Last night one of the most terrifying things in nature descended upon the capital of my home state of Tennessee. Destructive and deadly storms brought tornadoes right through Nashville, leaving (as of this writing) 9 people dead, possibly more. As of this moment, several of my friends have already checked in as “safe,” but a few more have not responded.
I hate tornadoes! I’ve been close to 4 or 5 and actually been in a hotel in Clarksville, TN when it was damaged by one that destroyed houses across the street. Tornadoes scare the crap out of me. I think that might be one reason why I experience feelings of panic or anxiety when I feel/hear a train (because the sound of a freight train is very similar). In a matter of seconds, everything can be gone.
I’m thankful to God that what came through Nashville last night was not as destructive as what destroyed so much of Georgia back in April of 2011. That storm, if you remember, killed nearly 300 people and decimated Ringgold, GA. But for Nashville, our prayers and thoughts are with them.
Thoughts and Prayers
What about those “thoughts and prayers”? What does that even mean?
As of late, many in the media have started to publically make fun of and shame those who say “our thoughts and prayers.” Some politicians have even been so bold (and arrogantly foolish) to stand up and declare that our prayers are worthless; we need action!
Granted, thoughts don’t do much other than say, “We’re thinking about you.” Unless that thinking leads to help in some tangible way, what good are the thoughts except to let the people who are suffering know that others know they are hurting?
And what about the prayers? First off, unless the Object of our prayers is capable of doing anything, they are actually of less value than “thoughts.” Keeping someone who is hurting on your mind might lead you to do something to alleviate the suffering. However, prayer is calling upon the aid of Another, or those whom He will send to address the need.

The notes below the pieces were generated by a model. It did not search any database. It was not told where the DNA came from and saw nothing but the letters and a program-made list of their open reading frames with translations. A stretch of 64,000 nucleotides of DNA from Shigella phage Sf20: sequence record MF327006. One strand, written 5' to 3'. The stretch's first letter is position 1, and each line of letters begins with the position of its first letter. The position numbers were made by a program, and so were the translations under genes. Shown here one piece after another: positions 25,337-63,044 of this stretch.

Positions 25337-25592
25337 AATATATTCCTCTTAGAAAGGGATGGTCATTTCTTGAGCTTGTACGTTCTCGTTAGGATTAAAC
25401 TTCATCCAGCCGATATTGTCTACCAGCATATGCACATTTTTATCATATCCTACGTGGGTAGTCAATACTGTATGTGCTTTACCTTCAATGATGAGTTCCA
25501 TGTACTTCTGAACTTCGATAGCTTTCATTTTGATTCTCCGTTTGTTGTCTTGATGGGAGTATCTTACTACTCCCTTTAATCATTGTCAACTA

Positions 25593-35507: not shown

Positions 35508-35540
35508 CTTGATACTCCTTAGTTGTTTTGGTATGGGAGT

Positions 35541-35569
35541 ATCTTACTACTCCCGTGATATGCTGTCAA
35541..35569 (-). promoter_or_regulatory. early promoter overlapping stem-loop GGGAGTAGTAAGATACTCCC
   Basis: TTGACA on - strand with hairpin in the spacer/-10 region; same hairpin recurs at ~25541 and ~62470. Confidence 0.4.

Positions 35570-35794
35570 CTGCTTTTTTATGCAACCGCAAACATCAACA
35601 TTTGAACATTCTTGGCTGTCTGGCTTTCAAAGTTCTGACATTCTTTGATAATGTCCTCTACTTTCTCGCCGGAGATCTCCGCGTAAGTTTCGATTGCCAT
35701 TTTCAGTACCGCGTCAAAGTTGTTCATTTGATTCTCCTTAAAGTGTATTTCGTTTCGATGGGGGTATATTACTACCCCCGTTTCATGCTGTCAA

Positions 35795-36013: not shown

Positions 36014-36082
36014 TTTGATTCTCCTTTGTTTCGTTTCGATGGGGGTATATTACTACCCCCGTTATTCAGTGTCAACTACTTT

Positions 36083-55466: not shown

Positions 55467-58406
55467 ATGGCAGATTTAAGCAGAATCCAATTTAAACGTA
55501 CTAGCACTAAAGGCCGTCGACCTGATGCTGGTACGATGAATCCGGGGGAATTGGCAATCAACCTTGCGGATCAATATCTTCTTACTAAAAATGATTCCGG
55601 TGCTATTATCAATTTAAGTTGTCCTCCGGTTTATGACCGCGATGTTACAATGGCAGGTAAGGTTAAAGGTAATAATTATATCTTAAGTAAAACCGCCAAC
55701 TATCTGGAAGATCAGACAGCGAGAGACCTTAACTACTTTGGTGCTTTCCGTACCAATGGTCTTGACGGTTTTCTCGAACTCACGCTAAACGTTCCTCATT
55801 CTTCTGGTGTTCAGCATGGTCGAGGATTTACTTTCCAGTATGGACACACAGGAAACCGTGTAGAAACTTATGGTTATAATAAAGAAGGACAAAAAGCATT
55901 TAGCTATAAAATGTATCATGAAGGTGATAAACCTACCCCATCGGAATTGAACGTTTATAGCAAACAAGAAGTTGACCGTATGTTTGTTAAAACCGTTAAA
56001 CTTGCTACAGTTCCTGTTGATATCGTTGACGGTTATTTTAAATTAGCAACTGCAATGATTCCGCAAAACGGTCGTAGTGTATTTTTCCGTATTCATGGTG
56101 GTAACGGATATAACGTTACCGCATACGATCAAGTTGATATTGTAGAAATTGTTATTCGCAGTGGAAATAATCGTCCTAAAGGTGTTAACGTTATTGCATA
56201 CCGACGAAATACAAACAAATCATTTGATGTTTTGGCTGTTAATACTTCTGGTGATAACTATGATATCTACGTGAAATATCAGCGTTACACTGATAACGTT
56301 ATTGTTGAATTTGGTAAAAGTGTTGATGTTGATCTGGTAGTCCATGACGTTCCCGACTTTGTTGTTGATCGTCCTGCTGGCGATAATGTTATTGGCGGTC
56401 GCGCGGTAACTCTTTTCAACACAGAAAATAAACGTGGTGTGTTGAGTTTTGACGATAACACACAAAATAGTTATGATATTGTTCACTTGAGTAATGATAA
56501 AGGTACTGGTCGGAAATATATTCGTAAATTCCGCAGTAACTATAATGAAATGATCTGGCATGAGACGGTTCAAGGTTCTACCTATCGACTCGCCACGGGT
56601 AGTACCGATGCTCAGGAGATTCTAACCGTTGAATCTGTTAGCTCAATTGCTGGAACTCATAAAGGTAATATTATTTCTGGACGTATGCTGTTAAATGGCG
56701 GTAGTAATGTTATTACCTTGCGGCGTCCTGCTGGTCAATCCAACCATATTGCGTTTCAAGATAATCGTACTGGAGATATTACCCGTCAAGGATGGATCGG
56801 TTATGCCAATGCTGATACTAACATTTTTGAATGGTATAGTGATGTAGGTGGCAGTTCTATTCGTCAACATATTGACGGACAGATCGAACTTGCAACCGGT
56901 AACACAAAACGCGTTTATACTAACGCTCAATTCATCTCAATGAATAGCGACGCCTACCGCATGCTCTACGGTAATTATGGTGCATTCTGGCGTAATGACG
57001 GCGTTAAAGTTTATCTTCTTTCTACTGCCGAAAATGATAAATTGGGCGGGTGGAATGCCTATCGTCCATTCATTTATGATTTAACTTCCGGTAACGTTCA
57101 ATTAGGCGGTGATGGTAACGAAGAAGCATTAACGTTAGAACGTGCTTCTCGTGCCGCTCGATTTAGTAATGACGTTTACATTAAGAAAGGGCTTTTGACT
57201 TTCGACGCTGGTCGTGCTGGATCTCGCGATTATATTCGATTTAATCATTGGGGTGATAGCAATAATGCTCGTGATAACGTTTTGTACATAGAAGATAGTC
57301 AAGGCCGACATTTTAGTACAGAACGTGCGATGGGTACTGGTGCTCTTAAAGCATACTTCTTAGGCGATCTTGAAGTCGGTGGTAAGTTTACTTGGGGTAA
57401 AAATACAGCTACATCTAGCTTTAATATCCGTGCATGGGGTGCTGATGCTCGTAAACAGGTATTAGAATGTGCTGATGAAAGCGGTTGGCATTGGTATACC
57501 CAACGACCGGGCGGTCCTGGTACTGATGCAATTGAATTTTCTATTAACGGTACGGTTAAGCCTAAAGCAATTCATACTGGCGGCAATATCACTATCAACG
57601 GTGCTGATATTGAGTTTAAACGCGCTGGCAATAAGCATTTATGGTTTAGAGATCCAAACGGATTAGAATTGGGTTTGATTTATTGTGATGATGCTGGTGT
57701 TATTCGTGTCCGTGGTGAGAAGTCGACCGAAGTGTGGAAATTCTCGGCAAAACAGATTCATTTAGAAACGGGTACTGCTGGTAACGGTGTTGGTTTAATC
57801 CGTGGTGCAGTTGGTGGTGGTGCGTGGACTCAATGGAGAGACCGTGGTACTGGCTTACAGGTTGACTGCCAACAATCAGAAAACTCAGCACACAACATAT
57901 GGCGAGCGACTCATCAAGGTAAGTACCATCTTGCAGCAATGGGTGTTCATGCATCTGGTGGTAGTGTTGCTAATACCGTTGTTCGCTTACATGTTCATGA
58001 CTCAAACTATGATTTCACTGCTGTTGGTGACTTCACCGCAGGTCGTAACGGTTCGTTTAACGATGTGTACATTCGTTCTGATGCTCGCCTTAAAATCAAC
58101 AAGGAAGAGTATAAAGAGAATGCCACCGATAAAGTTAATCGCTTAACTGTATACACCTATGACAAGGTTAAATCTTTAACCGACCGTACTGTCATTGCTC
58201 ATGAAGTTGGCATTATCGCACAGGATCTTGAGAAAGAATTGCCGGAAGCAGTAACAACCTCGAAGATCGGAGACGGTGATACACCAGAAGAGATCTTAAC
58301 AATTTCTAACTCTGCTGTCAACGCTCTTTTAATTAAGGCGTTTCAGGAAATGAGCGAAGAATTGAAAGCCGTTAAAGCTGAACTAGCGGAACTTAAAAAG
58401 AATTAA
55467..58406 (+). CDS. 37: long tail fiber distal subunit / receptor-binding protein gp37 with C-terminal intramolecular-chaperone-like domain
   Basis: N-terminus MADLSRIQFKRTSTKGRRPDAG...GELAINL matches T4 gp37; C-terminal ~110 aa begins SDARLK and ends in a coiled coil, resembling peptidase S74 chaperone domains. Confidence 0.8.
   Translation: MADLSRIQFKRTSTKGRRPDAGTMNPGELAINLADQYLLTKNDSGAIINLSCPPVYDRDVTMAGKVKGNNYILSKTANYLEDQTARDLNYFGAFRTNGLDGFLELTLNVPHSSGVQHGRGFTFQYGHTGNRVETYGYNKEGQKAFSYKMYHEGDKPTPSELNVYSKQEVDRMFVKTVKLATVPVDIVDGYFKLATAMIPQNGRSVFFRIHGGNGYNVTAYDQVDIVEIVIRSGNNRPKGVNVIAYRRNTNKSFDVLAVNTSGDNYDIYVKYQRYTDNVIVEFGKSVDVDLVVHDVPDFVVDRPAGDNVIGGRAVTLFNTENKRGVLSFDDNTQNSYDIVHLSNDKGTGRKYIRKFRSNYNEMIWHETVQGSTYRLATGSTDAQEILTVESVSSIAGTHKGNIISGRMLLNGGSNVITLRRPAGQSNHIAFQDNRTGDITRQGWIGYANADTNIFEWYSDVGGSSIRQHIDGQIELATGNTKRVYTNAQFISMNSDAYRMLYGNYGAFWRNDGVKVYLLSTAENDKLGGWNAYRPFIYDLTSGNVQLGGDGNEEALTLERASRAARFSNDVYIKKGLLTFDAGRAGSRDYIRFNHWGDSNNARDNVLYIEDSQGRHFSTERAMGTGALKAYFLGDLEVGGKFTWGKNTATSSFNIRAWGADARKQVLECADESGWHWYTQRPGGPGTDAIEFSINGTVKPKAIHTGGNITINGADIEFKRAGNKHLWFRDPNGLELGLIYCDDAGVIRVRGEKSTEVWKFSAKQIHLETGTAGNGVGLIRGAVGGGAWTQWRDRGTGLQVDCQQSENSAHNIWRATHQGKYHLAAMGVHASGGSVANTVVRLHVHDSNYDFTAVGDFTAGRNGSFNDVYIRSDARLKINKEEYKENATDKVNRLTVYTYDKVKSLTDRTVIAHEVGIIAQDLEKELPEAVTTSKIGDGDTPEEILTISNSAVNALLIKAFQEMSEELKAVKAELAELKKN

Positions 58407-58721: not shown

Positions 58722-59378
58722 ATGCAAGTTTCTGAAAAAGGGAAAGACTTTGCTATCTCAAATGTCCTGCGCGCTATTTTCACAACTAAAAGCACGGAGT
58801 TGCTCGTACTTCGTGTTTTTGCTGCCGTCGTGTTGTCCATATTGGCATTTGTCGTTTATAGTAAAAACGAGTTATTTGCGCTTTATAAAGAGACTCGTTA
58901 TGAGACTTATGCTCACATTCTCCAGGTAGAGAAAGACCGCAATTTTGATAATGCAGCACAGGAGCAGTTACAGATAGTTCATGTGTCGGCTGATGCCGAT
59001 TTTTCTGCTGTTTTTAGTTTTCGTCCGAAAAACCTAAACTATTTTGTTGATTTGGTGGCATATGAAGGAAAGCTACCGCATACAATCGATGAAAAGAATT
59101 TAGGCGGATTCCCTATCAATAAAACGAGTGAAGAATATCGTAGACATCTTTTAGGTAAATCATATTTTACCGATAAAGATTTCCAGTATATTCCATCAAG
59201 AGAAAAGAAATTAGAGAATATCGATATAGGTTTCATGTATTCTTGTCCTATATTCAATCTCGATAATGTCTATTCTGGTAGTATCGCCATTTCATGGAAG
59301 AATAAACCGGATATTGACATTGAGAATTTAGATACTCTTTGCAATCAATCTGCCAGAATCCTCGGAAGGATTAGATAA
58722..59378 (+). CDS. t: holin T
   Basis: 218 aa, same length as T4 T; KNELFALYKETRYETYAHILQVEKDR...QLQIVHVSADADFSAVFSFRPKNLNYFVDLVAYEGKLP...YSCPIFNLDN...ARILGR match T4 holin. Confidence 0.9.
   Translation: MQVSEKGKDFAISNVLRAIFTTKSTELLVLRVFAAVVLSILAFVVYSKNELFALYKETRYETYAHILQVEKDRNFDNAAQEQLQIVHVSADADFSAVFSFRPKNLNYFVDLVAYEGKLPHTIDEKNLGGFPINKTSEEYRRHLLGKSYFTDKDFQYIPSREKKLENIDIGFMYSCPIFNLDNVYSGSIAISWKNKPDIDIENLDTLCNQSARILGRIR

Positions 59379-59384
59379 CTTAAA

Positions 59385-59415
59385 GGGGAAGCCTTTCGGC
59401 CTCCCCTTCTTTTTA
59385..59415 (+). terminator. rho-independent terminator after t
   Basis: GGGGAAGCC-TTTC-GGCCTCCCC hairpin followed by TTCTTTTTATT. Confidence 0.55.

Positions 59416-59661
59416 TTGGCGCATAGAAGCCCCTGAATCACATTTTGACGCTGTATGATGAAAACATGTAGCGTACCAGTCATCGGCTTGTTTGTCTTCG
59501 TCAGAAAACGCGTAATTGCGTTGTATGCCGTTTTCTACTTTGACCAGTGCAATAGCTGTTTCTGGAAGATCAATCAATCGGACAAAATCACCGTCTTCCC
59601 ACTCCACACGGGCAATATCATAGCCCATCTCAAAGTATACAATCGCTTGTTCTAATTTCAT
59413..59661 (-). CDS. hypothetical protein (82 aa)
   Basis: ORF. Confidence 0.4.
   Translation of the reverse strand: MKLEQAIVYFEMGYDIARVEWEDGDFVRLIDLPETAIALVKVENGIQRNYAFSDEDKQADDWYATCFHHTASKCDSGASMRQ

Yet, if the prayers are made by those whom God hears, then they are not worthless, but helpful and empowering. God moves on the backs of our prayers, and godly prayer has a tendency to become self-fulfilling (i.e., when we pray for workers to collect the harvest, we often become the workers). That’s one of the ways He works “mysteriously.”
So, my thoughts and prayers this morning concern Nashville.
Help me pray, would you?
- Heavenly Father, nothing that happens in this world catches you by surprise – You know all things. There is nothing outside of your all-seeing, all-caring, all-judging eye. I am thankful you already know what has happened in Nashville, and even long before last night you were working in ways we will never comprehend.
- Lord, comfort the ones who are mourning the loss of loved ones. Bring peace to them through the power of your Spirit.
- Ease the pain of those who are wounded, and give the medical personnel added measures of endurance as they are pressed into longer shifts and greater stress.
- Please protect those who are on the ground clearing debris, directing traffic, and protecting the most vulnerable.
- Give a mighty voice to those who survived! Like so often is the case, send the reporters and news crews to the places where survivors give You the glory so the world may hear your name praised.
- Jesus, as we know you have the power to calm storms, You also have the power to use storms. you know the hearts of the people of Nashville. Open their eyes to your mercy and grace.